Vancouver from the 1907 Anti-Asian Riots to Hongcouver: A Century of Change Through Students’ Eyes

Posted by Tamiko Ogura & filed under Uncategorized.

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This weekend visit the UBC student exhibition VANCOUVER FROM THE 1907 ANTI-ASIAN RIOTS TO HONGCOUVER: A CENTURY OF CHANGE THROUGH STUDENTS’ EYES on Sunday, June 10, 2007, 2:00-4:00 pm at the Vancouver Museum.

This event debuts a number of UBC student projects inspired by the series of important anniversaries in 2007 for Vancouver and Canada as a society connected to the Asia Pacific world. 2007 is the 100th Anniversary of the anti-Asian riots of 1907 that targeted Chinese, Japanese, and South Asian residents of Vancouver, but it also marks the 60th, 40th and 10th anniversary of other watershed moments of change that transformed our society.

The student projects include:

* “The 1907 Anti-Asian Riots from the Perspective of the Victims”, by Woan-Jen Wang

* “Why Do Indians Love Chinese Food?”; by Karrmen Crey and Amy Perreault

* “Beyond Chinatown: Re-Making Vancouver”, by Denise Wong

* “New Voices Project”; experiences of new migrants, by Johnson Chan, Viola Chan, Nancy Fong, Eugene Lin, Robert Parungao, Heather Joan Tam, Araya Vivorakij and Zizian Zhong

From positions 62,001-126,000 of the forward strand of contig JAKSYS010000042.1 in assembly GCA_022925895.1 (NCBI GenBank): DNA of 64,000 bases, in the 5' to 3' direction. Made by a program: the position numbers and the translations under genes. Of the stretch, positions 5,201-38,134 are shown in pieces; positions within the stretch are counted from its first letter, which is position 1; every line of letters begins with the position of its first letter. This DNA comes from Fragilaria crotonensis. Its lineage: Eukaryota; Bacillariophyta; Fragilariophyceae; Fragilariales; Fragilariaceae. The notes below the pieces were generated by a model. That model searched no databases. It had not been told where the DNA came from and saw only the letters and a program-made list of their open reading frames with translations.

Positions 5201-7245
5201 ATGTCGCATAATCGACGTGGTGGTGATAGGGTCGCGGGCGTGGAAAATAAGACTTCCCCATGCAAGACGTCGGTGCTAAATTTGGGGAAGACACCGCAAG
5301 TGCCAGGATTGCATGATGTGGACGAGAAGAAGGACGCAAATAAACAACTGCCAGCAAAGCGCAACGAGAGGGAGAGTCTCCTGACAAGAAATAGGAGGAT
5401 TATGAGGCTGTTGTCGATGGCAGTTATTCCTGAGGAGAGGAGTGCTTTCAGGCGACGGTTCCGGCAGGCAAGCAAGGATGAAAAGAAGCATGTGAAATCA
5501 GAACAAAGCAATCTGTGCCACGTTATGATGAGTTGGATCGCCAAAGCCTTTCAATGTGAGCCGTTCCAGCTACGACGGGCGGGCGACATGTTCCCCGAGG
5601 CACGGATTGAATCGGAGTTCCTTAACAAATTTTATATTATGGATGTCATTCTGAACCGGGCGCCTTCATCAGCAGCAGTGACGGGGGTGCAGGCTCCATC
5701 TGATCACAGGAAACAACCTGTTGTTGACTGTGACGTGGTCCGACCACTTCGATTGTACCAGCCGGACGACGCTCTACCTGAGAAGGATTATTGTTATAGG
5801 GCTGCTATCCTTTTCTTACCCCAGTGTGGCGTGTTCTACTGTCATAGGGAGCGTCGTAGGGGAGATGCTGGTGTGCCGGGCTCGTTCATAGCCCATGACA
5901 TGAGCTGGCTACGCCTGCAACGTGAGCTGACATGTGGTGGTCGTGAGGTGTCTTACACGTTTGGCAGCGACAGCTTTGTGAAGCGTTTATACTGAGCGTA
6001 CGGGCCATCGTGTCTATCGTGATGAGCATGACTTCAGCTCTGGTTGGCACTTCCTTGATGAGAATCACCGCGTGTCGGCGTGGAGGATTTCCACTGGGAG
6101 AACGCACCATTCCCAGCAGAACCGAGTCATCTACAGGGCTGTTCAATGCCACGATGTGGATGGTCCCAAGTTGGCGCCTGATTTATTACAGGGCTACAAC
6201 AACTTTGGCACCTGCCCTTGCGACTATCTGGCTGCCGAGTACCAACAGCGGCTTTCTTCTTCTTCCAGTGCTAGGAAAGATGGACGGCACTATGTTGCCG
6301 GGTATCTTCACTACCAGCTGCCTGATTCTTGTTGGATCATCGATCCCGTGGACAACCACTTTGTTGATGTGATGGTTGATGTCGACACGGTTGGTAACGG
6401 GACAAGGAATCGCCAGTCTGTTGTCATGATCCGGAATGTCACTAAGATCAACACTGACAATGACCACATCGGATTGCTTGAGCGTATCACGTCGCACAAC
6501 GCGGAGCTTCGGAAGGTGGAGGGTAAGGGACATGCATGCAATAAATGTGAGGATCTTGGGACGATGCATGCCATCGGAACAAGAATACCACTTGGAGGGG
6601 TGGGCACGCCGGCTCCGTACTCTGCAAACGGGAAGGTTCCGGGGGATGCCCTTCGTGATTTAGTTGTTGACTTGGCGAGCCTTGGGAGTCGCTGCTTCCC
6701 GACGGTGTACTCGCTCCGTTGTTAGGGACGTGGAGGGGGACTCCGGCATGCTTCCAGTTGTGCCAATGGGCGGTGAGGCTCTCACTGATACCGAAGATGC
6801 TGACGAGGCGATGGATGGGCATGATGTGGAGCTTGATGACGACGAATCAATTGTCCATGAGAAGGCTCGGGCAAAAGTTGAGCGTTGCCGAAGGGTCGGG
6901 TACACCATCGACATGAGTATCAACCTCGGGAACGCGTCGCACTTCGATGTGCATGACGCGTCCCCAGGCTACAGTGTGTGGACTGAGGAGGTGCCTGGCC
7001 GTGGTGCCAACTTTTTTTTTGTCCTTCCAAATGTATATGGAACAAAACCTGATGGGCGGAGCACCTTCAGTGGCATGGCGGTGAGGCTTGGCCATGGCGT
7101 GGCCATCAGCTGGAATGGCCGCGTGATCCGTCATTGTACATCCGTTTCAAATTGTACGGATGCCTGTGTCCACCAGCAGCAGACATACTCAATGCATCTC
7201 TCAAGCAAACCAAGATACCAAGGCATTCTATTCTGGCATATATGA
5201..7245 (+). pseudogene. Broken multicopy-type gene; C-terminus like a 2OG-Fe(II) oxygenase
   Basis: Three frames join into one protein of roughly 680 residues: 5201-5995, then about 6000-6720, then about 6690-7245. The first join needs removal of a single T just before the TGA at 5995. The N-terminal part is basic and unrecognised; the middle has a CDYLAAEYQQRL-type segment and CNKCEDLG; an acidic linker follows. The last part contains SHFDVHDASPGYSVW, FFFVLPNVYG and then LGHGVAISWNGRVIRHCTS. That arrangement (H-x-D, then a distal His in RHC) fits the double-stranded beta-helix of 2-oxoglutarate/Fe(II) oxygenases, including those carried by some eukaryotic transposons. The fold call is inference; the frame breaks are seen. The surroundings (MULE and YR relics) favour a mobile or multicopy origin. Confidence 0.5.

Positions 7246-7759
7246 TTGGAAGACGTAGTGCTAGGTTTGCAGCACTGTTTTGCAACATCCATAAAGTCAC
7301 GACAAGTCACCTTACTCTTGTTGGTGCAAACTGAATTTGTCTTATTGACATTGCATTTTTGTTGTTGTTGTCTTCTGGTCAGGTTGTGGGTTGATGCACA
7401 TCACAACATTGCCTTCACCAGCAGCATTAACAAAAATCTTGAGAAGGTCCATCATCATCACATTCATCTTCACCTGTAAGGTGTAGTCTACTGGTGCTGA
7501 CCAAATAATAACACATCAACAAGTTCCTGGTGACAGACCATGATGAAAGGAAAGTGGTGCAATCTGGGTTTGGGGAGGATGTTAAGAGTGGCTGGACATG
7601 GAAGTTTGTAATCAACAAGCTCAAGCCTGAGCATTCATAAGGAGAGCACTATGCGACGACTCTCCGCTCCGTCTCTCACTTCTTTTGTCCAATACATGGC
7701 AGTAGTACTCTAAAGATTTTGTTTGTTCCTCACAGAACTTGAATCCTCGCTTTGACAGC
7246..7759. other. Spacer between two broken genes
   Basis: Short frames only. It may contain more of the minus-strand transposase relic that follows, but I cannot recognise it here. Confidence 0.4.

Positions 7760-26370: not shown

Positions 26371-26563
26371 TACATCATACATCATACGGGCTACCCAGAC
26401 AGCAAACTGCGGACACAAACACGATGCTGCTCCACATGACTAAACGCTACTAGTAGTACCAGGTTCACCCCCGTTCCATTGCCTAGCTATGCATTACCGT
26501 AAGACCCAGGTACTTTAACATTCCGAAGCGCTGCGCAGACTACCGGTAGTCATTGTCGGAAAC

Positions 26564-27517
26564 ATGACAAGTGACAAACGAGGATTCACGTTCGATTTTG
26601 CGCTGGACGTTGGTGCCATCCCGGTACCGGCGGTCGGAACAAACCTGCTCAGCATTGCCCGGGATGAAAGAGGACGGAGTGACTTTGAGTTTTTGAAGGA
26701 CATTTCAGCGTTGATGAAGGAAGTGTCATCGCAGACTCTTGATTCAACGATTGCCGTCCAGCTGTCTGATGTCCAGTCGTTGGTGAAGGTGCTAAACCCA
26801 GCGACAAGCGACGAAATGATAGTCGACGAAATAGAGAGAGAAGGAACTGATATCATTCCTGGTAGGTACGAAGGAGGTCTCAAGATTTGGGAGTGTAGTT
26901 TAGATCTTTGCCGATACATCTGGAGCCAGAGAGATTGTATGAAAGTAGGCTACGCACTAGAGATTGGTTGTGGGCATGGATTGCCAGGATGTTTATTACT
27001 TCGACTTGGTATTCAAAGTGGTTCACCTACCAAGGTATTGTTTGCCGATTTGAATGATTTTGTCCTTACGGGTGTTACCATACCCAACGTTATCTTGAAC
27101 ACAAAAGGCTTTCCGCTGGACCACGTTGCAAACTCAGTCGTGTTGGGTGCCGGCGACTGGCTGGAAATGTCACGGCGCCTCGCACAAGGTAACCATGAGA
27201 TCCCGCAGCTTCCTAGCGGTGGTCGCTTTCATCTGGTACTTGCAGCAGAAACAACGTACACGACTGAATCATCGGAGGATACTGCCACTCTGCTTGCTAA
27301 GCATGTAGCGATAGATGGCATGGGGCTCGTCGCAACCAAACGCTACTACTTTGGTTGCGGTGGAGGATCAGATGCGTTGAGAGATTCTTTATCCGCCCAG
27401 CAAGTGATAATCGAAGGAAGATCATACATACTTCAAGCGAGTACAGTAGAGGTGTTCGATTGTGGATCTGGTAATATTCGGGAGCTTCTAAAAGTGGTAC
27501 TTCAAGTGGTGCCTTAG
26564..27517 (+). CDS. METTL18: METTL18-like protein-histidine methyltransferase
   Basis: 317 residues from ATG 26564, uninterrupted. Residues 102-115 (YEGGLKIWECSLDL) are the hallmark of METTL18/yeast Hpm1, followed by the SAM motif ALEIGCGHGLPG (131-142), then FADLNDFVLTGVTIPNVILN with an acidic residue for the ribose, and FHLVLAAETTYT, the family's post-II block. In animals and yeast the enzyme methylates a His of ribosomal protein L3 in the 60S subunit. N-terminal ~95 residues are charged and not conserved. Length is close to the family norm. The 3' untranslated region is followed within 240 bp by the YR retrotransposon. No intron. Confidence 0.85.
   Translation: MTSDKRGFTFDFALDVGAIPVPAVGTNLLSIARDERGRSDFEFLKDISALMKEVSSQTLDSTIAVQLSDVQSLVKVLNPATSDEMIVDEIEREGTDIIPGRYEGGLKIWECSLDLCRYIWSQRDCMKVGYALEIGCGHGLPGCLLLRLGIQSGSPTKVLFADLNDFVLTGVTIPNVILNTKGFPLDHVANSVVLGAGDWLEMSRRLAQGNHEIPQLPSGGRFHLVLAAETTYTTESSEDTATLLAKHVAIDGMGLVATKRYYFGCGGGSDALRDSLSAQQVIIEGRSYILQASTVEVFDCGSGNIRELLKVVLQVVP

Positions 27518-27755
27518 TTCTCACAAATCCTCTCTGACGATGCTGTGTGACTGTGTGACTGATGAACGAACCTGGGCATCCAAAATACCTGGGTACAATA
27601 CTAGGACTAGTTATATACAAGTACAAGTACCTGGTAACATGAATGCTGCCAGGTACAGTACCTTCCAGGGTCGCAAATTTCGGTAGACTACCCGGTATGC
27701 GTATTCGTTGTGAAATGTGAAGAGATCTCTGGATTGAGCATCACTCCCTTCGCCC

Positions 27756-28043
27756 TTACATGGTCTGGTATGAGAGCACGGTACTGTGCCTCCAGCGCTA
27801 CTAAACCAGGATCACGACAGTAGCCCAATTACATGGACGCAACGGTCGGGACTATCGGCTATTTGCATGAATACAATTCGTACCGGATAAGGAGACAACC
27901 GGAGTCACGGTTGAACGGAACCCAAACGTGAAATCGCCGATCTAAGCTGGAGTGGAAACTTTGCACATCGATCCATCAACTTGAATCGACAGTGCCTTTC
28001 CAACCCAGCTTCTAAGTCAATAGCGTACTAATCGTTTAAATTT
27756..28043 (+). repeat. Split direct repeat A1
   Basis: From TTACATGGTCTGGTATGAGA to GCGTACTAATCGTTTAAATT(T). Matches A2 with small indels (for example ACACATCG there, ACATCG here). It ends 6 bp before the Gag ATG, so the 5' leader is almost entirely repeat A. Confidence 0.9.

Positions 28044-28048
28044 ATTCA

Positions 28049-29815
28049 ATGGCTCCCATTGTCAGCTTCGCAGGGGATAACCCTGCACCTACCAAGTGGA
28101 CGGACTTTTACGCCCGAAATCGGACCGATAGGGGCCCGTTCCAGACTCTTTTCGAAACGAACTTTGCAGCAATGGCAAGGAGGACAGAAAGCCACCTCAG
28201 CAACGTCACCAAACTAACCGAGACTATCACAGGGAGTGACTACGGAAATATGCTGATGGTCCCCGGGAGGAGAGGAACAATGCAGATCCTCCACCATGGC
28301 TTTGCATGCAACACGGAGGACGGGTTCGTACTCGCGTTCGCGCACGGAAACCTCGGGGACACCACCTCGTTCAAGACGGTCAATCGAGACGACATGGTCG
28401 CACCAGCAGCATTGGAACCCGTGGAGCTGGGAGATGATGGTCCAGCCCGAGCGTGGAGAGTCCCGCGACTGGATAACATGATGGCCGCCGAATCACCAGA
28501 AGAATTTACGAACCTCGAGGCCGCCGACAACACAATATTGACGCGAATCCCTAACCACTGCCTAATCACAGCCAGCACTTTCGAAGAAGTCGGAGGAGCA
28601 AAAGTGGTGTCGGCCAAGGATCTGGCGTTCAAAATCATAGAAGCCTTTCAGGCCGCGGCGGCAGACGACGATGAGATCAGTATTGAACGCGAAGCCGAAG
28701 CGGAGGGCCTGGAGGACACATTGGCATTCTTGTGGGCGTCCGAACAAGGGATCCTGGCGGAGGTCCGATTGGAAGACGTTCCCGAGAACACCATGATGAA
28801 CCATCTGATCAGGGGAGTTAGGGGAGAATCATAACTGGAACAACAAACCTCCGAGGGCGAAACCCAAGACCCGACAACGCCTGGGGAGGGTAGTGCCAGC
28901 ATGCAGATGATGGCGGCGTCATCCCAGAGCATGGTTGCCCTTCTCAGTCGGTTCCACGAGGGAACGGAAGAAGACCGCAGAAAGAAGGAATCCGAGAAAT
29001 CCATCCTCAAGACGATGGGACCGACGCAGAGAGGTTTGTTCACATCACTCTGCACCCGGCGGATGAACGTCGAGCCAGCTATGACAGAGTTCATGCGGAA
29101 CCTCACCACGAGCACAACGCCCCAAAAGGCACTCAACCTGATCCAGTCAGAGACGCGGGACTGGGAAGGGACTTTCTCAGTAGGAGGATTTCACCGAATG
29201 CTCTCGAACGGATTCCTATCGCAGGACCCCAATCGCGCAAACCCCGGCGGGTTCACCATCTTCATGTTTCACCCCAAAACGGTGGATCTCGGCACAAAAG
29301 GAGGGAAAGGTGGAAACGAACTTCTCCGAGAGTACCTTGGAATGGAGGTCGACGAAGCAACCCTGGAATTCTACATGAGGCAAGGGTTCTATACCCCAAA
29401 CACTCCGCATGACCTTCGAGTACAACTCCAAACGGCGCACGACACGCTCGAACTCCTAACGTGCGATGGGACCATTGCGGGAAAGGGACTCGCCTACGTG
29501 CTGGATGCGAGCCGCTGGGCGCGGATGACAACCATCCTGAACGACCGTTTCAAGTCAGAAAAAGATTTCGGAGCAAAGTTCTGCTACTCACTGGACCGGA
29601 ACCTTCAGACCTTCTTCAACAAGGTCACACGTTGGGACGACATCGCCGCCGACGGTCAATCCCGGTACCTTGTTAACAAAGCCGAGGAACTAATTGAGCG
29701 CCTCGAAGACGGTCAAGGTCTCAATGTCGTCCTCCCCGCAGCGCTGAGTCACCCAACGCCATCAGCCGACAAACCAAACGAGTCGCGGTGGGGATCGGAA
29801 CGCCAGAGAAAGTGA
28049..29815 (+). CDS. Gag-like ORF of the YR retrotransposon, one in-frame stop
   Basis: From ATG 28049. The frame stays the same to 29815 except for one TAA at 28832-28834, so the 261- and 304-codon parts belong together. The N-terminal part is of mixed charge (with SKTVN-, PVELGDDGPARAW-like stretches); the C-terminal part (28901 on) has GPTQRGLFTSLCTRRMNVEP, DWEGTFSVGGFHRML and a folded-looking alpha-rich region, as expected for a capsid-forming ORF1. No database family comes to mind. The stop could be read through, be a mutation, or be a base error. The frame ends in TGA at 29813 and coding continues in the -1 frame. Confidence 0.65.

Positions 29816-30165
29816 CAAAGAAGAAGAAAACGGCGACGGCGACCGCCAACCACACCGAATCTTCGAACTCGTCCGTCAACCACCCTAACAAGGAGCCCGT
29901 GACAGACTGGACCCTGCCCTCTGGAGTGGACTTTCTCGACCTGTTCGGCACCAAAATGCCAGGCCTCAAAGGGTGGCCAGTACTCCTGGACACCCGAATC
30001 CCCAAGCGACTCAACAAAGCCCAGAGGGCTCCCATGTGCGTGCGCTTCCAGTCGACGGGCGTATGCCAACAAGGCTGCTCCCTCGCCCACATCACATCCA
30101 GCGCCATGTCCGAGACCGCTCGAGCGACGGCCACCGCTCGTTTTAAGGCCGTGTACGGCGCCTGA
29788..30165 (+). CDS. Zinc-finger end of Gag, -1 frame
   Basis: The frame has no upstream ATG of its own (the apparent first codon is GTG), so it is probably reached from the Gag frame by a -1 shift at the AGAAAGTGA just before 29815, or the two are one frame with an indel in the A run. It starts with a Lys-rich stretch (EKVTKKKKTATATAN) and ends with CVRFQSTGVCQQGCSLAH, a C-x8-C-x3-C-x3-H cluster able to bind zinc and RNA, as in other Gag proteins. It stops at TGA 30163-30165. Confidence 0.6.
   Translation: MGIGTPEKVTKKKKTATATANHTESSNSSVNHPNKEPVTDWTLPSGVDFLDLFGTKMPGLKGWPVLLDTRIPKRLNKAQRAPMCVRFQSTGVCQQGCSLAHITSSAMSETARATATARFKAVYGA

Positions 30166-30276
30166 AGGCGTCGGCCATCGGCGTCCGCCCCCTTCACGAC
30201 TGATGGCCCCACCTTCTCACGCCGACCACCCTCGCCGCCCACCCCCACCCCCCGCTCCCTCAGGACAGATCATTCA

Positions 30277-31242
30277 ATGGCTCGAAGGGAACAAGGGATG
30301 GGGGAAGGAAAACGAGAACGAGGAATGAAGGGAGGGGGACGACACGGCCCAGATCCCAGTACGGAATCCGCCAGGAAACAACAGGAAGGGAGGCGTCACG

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Read Georgia Straight on the 1907 Anti-Chinatown Riot written by UBC student Woan-Jen Wang from Chinese newspaper sources. www.straight.com.

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The student projects include:

* “The 1907 Anti-Asian Riots from the Perspective of the Victims”, by Woan-Jen Wang

Wang’s detective work in finding Chinese and Japanese language newspaper reports on the anti-Asian riots of 1907 allow us to hear again the voices of those who were targeted. Silenced by the dominance of English-language newspaper accounts that skewed reporting on the riots towards the perspectives of the anti-Asian rioters, the forgotten points of view of the Chinese and Japanese are recovered by Ms. Wang, translated into English, and organized into an accessible online database at <www.instrcc.ubc.ca/1907_riot/>

* “1947 and the Chinese Canadian Fight for Citizenship”, by Stephanie Mui and Cameron Wong

Two students discover that the privileges and rights they enjoy as Canadian citizens came out of the sacrifice of a generation of Chinese Canadian veterans who courageously fought for the right to vote, earning full citizenship rights for Chinese in the Canada Citizenship Act of 1947 and beginning the dismantling of legal racist discrimination that had been built in the aftermath of the 1907 riots.

* “Why Do Indians Love Chinese Food?”; by Karrmen Crey and Amy Perreault

A pair of Aboriginal students who graduated from the First Nations Studies Program at UBC look at the long history of relations between Aboriginal peoples and the Chinese who lived in Vancouver and around British Columbia, asking why only fragmented memories of these interactions remain. Showing a clip from their film project, Crey and Perreault explore how food memories provide a rich source to rediscover these forgotten spaces of engagement, bringing to life in particular the community life of Chinese restaurants.